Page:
ADD and ADHD
Young people with ADD and ADHD often prefer to have background music playing when they are doing their homework, or working. Parents are often worried that music will be yet another distraction that keeps these ADHD Kids from completing their work. Their fears may be unjustified. Music may actually be useful. There is not a medical consensus on the benefits of music and brain functions, but new studies are pointing to some specific brain benefits that may come to us from listening.
Remember the Mozart Effect? It was all the rage about 12 years ago. After my son was born in Georgia, we left the hospital with a Mozart CD. The nurse told us that the music would improve our baby’s brain function. The Governor of Georgia had determined that giving every infant born in Georgia a Mozart CD was a cheap price to pay to make that Georgia infant a person with superior intelligence.
Does Listening to Mozart Increase IQ?
The Mozart Effect was a phenomena described in a book written by Don Campbell in 1997. The thesis of the book was that listening to Mozart would increase your IQ and your cognitive brain function. Much of the research in the book was based on work done by a French physician, Alfred Tomatis. Tomatis had treated over 10,000 patients using music, and demonstrated that listening to Mozart improved spatial perception and language skills and decreased anxiety. Tomatis used Mozart music to treat these homework problems — but he never claimed that listening to Mozart would make you a person with superior intelligence. Campbell’s book sensationalized the potential benefits of the background music of Mozart, and a large number of mothers invested tons of money in ‘Baby Mozart’ CDs.
Mozart Effect “Suspect”
The Mozart Effect was suspect even before the book was published. A large number of psychiatrists and cognitive therapists considered the Mozart movement a fad, and the research in the book came under serious scrutiny after the book was published. Almost immediately, a few researchers set out to test the claims of the book. Many studies were performed, and the vast majority of the studies demonstrated no permanent changes in IQ or cognitive brain function improvements from listening to any music (even Mozart’s). Some studies reported that any improvement in spatial perception, language skills or anxiety were transient; these went away after the music stopped.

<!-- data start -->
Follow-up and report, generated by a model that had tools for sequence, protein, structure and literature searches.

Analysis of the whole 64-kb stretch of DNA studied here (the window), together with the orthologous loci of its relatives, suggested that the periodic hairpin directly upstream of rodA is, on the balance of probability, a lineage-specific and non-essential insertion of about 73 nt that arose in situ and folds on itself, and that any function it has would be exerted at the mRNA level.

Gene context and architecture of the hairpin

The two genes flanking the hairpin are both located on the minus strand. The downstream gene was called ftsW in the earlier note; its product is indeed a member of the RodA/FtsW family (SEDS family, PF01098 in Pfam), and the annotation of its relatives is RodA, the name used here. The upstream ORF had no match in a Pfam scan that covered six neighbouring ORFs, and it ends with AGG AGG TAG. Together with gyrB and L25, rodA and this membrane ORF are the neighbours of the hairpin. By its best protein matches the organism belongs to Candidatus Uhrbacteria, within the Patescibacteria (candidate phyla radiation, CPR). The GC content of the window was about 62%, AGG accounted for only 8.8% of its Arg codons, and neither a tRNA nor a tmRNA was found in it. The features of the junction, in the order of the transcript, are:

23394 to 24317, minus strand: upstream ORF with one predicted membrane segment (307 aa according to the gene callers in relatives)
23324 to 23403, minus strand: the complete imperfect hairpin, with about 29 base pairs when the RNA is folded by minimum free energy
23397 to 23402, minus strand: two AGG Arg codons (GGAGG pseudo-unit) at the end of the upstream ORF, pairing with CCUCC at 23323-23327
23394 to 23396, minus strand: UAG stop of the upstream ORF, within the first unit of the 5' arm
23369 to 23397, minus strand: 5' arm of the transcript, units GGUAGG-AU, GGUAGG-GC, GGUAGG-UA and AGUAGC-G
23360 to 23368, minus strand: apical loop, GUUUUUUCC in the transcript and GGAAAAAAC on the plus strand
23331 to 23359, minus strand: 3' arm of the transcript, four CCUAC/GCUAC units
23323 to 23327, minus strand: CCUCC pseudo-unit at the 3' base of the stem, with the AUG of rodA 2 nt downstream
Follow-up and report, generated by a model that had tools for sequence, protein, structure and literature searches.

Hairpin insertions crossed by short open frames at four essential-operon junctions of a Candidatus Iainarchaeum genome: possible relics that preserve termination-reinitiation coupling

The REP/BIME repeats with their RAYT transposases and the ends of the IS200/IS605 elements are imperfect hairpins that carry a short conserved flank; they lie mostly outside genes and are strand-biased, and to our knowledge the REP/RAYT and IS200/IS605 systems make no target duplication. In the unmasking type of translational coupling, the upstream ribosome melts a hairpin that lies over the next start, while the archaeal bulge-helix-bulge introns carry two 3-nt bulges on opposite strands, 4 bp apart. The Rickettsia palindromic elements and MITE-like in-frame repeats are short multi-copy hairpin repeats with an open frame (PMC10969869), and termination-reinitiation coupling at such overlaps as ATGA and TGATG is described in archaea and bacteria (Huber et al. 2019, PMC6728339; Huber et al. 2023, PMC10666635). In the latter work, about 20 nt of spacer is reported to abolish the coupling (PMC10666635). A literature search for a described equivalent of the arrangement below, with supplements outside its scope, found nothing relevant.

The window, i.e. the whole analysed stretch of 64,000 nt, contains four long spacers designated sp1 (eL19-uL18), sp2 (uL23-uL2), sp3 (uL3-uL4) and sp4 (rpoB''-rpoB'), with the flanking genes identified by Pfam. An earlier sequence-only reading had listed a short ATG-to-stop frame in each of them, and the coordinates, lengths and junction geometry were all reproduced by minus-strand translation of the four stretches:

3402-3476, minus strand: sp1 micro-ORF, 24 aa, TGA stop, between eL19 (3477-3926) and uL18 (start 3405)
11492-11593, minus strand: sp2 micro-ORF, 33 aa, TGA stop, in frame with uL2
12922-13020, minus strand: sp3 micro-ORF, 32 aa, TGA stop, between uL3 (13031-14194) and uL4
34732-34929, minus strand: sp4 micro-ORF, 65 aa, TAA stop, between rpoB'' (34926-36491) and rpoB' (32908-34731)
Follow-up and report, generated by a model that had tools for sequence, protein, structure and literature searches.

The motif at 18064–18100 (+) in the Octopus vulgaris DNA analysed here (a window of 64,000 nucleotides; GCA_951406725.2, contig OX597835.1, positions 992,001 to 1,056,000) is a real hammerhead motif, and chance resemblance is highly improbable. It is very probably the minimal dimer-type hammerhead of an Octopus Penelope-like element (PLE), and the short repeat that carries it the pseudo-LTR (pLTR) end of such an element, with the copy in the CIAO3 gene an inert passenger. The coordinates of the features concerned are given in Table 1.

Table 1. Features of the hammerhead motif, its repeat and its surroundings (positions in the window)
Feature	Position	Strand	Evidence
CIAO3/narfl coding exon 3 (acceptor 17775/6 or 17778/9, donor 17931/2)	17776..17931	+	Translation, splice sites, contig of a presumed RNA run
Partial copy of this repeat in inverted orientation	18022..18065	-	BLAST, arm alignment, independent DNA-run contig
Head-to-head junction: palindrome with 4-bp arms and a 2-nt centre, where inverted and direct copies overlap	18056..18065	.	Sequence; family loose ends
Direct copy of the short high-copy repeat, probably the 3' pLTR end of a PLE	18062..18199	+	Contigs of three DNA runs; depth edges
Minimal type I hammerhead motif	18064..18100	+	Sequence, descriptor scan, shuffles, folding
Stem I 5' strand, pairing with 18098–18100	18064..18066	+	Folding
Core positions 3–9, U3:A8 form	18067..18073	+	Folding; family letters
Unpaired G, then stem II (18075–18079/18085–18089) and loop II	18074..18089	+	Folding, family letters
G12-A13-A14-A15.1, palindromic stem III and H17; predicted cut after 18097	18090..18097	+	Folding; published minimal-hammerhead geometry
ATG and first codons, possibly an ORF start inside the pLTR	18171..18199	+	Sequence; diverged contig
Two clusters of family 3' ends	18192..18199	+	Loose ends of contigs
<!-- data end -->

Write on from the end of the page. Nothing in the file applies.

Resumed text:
Effects of Music Therapy vs. Drug Therapy – How We Judge
On a completely different note, it is interesting to me that we measure success of therapies such as behavioral therapy, music therapy, and cognitive therapy by determining if the effects of the treatments persist after the treatment stops; yet we are happy to proclaim that drug interventions are a great success because they work while you are using them.
We would never say, “That medicine is simply worthless, you have to continue to take it to get continued benefits.” But if you undergo a cognitive training program and the effects do not persist six months after the program (even though there was considerable improvements while you were doing the program), then the intervention is considered a failure. It makes you appreciate how powerful therapies like diet, sleep hygiene programs and exercises are, as their benefits are long lasting.
It seems that Mozart has been shown to help people, animals and even plants while they are listening but the effects stop if you do not listen. Studies in France have found that dairy cows having Mozart piped into their stalls give more milk. In Japan, Mozart is played in breweries, near the yeast used to make sake, and the Japanese report that the quality of the sake is greatly improved by this music. In a few language courses offered by the Immigration and Naturalization Service, Mozart is played because studies have showed that language learning is improved when Mozart is piped into the classroom.
Musicologists theorize that the tempo and rhythm of Mozart is helpful because it follows a pattern that the brain utilizes through auditory processing mechanisms; it improves neurotransmission, which in turn can improve symptoms such as anxiety, language, and spatial perception deficits.
ADHD Kids Enjoy Music in The Background
Most people with ADHD prefer to work, and many ADHD children prefer to do their homework with music playing in the background. A recent study performed at the University of Dayton, confirmed that background Mozart improved the accuracy of language processing, and the speed of spatial processing. Although it is Mozart’s Sonatas that are reported to give the best cognitive effect, this study used 10 different Mozart pieces that were of the same tempo, and found similar effects.
Music may help brain functioning — at least while we are playing it. This may be reason enough to allow our Attention Deficit Hyperactivity Disorder Young people to listen to background music while they are studying. Unfortunately, our Young people rarely want to listen to Mozart. I am pretty sure that Justin Bieber and Lady Gaga music will not give us the same brain benefits that you can get from Mozart — but then again, we have yet to study it.